His 1980 D.Phil thesis at the University of Oxford was titled "The rebellion in Awadh, 1857-1858: a study in popular resistance". He has revisited his view of the revolt from the native perspective in books including Awadh in Revolt 1857-58: A Study of Popular Resistance (Delhi, 1984, repr. 2002), Spectre of Violence: The 1857 Kanpur Massacres (Delhi, 1988), and Mangal Pandey: Brave Martyr or Accidental Hero? (Penguin India).
He has taught history at the University of Calcutta and held visiting appointments at Princeton University, the University of Manchester, the University of California, Santa Cruz and the Young India Fellowship, New Delhi. At the Centre for Studies in Social Sciences, Calcutta (CSSSC), which he had joined as a Junior Research Fellow in 1975, he was involved in issues concerning the ascendancy of the North in the production of knowledge. He has edited The Penguin Gandhi Reader (Delhi, 1993) and is the author of the Art of Bengal: A Vision Defined, 1955-75 (Kolkata, 2003), and co-edited Trade and Politics and the Indian Ocean World: Essays in Honour of Ashin Das Gupta (Delhi, 1998).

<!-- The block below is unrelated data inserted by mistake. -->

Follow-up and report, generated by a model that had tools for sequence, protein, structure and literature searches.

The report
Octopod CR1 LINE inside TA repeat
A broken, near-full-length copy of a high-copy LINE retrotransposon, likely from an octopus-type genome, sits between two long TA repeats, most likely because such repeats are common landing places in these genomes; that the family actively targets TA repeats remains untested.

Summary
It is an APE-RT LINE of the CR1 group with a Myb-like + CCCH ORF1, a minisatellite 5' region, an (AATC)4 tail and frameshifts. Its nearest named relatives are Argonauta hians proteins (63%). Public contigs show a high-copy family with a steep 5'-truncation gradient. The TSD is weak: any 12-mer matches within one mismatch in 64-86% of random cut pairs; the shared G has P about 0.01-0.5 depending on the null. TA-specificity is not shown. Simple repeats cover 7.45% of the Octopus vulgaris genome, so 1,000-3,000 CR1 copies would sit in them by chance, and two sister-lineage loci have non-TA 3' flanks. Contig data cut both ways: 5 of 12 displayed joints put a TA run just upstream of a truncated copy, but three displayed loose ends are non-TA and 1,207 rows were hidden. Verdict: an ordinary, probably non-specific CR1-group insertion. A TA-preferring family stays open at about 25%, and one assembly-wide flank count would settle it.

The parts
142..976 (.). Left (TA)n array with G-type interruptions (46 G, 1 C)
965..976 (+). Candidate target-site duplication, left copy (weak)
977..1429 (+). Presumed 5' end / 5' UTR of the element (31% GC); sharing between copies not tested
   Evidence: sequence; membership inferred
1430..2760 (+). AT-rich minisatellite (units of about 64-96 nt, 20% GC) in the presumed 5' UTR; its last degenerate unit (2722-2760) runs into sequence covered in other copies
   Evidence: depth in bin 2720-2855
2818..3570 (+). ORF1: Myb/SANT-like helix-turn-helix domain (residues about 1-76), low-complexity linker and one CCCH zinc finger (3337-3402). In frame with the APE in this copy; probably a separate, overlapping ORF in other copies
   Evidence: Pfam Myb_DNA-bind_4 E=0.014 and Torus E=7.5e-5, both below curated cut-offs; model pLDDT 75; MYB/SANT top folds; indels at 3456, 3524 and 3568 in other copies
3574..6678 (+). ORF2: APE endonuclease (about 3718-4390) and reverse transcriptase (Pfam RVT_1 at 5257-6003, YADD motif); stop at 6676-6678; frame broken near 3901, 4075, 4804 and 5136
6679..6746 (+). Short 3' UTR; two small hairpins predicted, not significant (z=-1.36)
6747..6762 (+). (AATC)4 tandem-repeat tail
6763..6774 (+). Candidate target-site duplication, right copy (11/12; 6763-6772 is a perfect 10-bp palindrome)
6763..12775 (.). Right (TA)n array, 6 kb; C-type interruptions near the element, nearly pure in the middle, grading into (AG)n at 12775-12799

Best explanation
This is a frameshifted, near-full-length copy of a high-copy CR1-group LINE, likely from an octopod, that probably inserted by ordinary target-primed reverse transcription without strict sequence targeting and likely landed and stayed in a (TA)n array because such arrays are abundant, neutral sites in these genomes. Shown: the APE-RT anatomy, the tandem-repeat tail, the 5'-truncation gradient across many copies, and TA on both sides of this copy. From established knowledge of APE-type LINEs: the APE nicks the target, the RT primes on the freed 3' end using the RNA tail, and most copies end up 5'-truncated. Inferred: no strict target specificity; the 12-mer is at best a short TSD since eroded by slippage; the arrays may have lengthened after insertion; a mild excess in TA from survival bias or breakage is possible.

He has also worked on the history of the leftist movement in India. After the 2007 Nandigram episode, he was among those leftist intellectuals in Kolkata who protested the violent policies of the left.